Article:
Municipal utilities are essential players in the energy transition. In order to ensure a reliable, sustainable, and innovative energy supply, they need the trust of their customers and the know-how of young professionals.
To further expand clients’ trust in their services and attractiveness to young professionals, public utilities must make their services and knowledge visible and usable.
This is achieved via a one-stop shop, a digital place where all information on products, services, and the topic of sustainable energy supply is available around the clock.
Via a one-stop shop, you will:
Increase the trust of your customers.
Keep them up to date on energy prices and the reliability of your network and inform your customers about your energy and mobility services and local events. As an interface, the one-stop shop binds customers to your organization and makes you the first point of contact.
Drive the local energy transition forward.
Provide your customers with comprehensive information about investing in solar energy and alternative heating methods. The commodity business is declining, and you can offer services that support citizens to become prosumers.
Lower your costs.
Informing about your new service via push notification or advertising local events is no problem through a one-stop shop. In addition to many other options, these are approaches that you can employ via your one-stop shop to reduce costs.
Find specialists and junior staff.
Inform about how you tackle the current challenges and establish yourself as a driving force in the energy transition. This makes your organization attractive to young professionals.
How we work
The QLab PowerWeek
- Location: The Power Week can be held remotely, onsite, or as a hybrid.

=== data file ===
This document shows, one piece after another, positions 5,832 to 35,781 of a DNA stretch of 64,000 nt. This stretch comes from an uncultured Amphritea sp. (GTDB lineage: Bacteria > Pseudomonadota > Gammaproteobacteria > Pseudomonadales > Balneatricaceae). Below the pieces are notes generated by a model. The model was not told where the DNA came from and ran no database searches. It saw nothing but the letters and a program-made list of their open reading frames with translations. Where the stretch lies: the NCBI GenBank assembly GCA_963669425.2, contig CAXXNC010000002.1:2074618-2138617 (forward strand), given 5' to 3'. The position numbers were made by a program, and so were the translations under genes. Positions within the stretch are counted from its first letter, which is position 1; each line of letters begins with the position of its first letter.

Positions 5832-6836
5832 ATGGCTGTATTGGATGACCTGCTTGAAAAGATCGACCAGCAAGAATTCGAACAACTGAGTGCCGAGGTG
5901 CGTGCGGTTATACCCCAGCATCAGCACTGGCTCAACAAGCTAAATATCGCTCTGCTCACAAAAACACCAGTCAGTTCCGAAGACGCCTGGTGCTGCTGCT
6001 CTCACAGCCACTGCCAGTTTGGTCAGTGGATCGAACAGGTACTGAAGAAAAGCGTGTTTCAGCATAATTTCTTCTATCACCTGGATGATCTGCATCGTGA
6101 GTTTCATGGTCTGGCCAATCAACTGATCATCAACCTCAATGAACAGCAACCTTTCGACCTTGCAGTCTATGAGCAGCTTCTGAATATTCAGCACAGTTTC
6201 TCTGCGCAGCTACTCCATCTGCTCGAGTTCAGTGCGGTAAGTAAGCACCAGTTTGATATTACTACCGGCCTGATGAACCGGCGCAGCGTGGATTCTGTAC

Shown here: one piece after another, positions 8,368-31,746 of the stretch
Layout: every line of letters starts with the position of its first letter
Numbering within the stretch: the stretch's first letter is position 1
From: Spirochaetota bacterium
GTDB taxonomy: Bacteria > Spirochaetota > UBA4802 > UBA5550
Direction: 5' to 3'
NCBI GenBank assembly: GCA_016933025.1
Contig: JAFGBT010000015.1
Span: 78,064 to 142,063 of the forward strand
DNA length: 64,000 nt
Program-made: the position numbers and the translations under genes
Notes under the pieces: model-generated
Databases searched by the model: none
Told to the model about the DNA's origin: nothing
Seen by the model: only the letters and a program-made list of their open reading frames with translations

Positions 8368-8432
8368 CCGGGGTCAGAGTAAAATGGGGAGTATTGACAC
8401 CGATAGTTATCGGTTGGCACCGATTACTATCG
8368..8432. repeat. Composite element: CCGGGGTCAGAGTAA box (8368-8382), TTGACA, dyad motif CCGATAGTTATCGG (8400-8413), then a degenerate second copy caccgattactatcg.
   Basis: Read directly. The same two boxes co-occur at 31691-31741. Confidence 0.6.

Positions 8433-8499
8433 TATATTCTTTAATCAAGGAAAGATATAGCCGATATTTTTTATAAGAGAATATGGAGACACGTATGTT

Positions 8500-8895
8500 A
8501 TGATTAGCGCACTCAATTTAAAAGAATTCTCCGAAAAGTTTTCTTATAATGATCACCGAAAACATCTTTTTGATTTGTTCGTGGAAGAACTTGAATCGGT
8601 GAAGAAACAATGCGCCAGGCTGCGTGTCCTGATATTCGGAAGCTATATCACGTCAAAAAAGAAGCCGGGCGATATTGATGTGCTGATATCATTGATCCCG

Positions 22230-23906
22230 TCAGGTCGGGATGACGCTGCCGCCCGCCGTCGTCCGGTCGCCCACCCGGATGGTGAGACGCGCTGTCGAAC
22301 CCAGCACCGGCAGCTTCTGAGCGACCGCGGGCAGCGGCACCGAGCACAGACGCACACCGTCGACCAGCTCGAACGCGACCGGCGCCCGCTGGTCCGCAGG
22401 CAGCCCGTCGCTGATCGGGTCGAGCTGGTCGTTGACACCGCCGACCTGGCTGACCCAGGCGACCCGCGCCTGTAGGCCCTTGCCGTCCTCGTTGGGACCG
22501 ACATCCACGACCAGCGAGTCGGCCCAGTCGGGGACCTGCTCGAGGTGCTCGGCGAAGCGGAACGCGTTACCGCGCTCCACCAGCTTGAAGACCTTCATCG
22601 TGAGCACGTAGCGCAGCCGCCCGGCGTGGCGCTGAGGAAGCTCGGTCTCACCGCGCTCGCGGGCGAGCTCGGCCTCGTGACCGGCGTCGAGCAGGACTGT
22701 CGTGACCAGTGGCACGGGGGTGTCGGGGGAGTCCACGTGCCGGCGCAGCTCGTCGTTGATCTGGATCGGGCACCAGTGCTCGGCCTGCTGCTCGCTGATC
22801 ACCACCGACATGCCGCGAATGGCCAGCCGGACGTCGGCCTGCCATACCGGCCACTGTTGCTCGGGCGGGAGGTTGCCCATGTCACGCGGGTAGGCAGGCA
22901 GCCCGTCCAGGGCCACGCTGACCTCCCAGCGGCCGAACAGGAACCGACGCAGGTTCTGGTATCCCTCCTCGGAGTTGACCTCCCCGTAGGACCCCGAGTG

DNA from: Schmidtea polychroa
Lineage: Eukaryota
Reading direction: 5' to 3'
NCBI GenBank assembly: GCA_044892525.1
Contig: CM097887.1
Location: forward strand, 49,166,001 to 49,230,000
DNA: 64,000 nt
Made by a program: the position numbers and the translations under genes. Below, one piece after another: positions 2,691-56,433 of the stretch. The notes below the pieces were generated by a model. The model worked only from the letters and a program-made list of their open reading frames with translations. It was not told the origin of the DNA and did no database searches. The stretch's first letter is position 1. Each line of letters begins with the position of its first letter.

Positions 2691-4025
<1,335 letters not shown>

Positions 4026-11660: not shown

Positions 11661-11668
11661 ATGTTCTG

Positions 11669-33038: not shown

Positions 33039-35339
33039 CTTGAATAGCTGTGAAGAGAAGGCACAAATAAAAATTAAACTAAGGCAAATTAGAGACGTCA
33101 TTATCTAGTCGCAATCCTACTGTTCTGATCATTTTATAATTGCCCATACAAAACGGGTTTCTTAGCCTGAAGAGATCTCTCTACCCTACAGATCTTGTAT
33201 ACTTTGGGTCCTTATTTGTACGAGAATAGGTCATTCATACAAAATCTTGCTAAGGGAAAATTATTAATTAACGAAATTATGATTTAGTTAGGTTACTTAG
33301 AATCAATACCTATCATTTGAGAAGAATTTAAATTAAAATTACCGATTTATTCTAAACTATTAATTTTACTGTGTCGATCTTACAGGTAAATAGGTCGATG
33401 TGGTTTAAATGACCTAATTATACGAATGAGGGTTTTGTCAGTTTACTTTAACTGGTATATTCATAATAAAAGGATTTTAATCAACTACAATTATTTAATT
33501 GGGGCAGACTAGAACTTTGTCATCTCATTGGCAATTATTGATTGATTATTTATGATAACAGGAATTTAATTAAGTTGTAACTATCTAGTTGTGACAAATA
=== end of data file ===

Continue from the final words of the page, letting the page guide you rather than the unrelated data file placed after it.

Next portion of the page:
- Duration: 5 working days of 8 working hours each. (9.30 a.m. – 5.30 p.m.)
- Sprint moderation by the QLab-team
- Public utilities-team
- End customers who test the product
During the briefing discussion with you, we will together determine:
- Exactly what the product should be at the end of QLab PowerWeek.
- Who from the public utilities takes part in the PowerWeek. We need a maximum of 5 people, including a decision-maker (who does not have to be present all the time), marketing, sales, IT, etc.)
- Who the test customers are whom we will acquire in advance.
- Check-in and team building
- Specifying requirements and outlining solutions
- Building the prototype I
- Building the prototype II
- Building the prototype II
- Testing with public utility customers and getting feedback
- Wrap-up and specification of next steps
Hot topics for your one-stop shop
Below, you will find a selection of questions your one-stop shop may address. In our experience, many of your customers seek clear, comprehensive information on these topics.
- How will the war-related shortages of gas supply affect my prices?
- Is my municipality’s network reliable enough to ensure heating in the upcoming winter?
- Is it feasible for me to invest in private solar power?
- Which heating alternatives are there, and how can I invest best in heat pumps?
- What is my public utility provider doing to diversify its green energy supply?